“Anyone who takes himself too seriously always runs the risk of looking ridiculous; anyone who can consistently laugh at himself does not,” the ex-president of former Czechoslovakia Václav Havel once said. Wise words indeed from a countryman of the legendary Emil Zatopek, who won an incredible four Olympic gold medals. But what Mr Havel may not have realised is that laughing (at yourself, or the world in general) can also be an incredibly powerful tool when it comes to keeping going when the going gets tough in a race or training run.
“Humour helps us cope with difficult situations,” says London-based clinical sports psychologist Dr Victor Thompson (SportsPsychologist.com). “Just think of gallows humour, when people make fun at or around the time of death – including their own. It helps us to cope with the enormity of a challenging situation. Compared to facing the hangman, for example, a marathon can seem like an instantly more doable challenge!”
Dr Rhonda Cohen (sportpsych.co.uk), sport and exercise psychologist at Middlesex University and author of Sport Psychology: The Basics (Bloomsbury Press, £22), has an interesting alternative explanation: “We try to keep our bodies in a state of homeostasis or balance,” she says. “The ‘relief theory’ states that humour relieves the discomfort we experience when we’re running hard and hence feeling off balance. Laughter is therefore a healthy reaction to uncomfortable physical sensations.”
So how exactly does laughter help us feel better while running? “When we laugh, our body relaxes and releases feel-good hormones called endorphins, which are also potent morphine-like natural painkillers,” says psychotherapist Samantha Carbon (samanthacarbontherapy.co.uk). “I believe that whatever your ability, limitations or situation, having a sense of humour while running can help. If humour can work in terrible situations such as being imprisoned in a concentration camp, which Viktor Frankl wrote about in his book Man’s Search For Meaning, then it can support us too when we’re having a tough time coping during a run.”
Thompson agrees that endorphins are key to feeling good while running: “These calming, happy chemicals help us to feel better and more relaxed,” he says. But he also credits the contagious nature of laughter with having incredibly positive effects. “When we laugh, others are more likely to laugh,” he says, “and this binds us to them and sends out the message that everything is fine, which helps us relax. Being relaxed in turn helps to reduce nerves and muscular tension, improving our frame of mind and physical performance.”
Humour is also a good way to mentally distract you from emotional and physical pain. “It can act as a cushion between the individual and the event and reduce the intensity of a situation,” says Carbon. “When I snapped my Achilles tendon years ago, I remember my former polevault coach telling me a few jokes as I was being carried off the field. Without a shadow of doubt the humour he shared with me distracted me from the pain that eventually kicked in.”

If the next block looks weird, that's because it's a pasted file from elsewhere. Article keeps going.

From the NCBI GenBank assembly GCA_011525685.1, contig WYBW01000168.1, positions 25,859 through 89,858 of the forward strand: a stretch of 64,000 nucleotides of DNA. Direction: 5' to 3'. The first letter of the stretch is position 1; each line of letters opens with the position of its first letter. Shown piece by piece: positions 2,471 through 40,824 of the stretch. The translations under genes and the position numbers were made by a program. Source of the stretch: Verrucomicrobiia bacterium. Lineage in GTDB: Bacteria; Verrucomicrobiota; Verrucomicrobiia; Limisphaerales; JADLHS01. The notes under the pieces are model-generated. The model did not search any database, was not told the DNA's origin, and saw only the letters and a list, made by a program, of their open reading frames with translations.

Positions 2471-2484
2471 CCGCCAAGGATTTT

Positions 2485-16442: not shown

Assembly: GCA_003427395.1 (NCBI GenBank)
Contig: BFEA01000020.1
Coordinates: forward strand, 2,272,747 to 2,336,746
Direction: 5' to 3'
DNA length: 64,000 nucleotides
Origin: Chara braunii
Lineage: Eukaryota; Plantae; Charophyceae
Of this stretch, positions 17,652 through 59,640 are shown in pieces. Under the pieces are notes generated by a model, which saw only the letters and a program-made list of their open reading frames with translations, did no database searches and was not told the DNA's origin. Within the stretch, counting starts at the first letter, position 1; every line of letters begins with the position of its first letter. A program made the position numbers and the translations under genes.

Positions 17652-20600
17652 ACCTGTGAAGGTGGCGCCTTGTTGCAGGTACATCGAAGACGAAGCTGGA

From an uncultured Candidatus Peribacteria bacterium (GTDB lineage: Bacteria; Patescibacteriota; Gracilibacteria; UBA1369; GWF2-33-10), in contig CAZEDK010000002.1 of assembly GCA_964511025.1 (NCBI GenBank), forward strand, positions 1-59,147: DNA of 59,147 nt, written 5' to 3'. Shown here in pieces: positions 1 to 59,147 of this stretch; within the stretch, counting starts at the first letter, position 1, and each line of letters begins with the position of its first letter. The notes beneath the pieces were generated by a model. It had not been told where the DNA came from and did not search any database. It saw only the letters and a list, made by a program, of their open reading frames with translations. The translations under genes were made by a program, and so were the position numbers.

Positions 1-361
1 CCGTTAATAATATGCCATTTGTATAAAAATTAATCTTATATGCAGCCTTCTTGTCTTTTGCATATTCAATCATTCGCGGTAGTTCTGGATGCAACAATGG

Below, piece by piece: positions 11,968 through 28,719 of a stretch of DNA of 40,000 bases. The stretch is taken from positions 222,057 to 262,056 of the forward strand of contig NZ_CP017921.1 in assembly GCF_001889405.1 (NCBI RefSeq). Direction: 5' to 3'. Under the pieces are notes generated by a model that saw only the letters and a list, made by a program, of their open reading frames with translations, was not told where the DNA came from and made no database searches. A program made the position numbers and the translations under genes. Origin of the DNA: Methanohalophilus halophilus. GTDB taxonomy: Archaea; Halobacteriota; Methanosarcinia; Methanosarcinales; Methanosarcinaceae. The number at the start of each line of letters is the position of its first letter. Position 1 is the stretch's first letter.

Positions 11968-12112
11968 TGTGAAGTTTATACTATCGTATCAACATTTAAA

Laughter can also help to reduce perceived effort and Cohen has an interesting theory about how this works, too. She suggests that humour can ease the stress of a situation because it makes us feel not only more positive, but more powerful. “When we laugh we feel stronger and more capable – it gives us a sense of superiority, which is important when tackling a challenge you may not be 100% sure of succeeding at.” So, it seems, the race-poster slogan I once spotted in the Chicago Marathon was right, “The reason your feet are hurting is because you’re kicking so much ass!”
Interestingly, it’s not just helpful to use laughter during a race, using it before the event can be beneficial too. “The build-up of nerves ahead of an event can increase anxiety so it’s a good idea to find a way to connect with your fellow competitors,” says Carbon. “Joking around at the startline can change the mood and perception of the pain that lies ahead by making light of it and putting everyone at ease. Usain Bolt is great at doing this – his amusing gestures and positive mood help him to stay relaxed before major sporting events.” Being friendly and funny at the startline also means that, should you see each other again later in the race, you can use the power of a smile and greeting to help you push through the pain. And don’t forget that having a sense of humour post-run can be beneficial too. “It will help you let go of mistakes and rebound more quickly,” says Carbon.
Itching to harness the power of humour in your next run? Here the experts give their advice for putting smiles into the miles…
– “Wear a crazy costume or a silly hat – not only will it make you smile, but it’ll make others grin too, meaning you might benefit from their support,” says Dr Victor Thompson. “Or imagine that you are all being chased by a giant Mr Tickle and when he catches you, he’ll tickle you mercilessly.”
– “Ahead of a run, instead of pumped-up music, listen to a comedy sketch,” suggests Samantha Carbon. “During difficult moments reflect on the jokes you heard to get you over the line. You can also try mid-race games, such as singing ‘Another one bites the dust’ when you pass each mile marker, or pretending you’re playing Pacman and that you’re gobbling up each runner you pass.”
– “Buy a plain wristband and decorate it with something that makes you laugh – a word, picture or slogan,” suggests Dr Rhonda Cohen. “Another idea is to make or buy a funny shirt to wear when you run, such as “I laugh in the face of a hard run”. Or enter races with an unusual theme – investigate sumo races, mud runs and colour runs which are guaranteed to put the fun into every run.”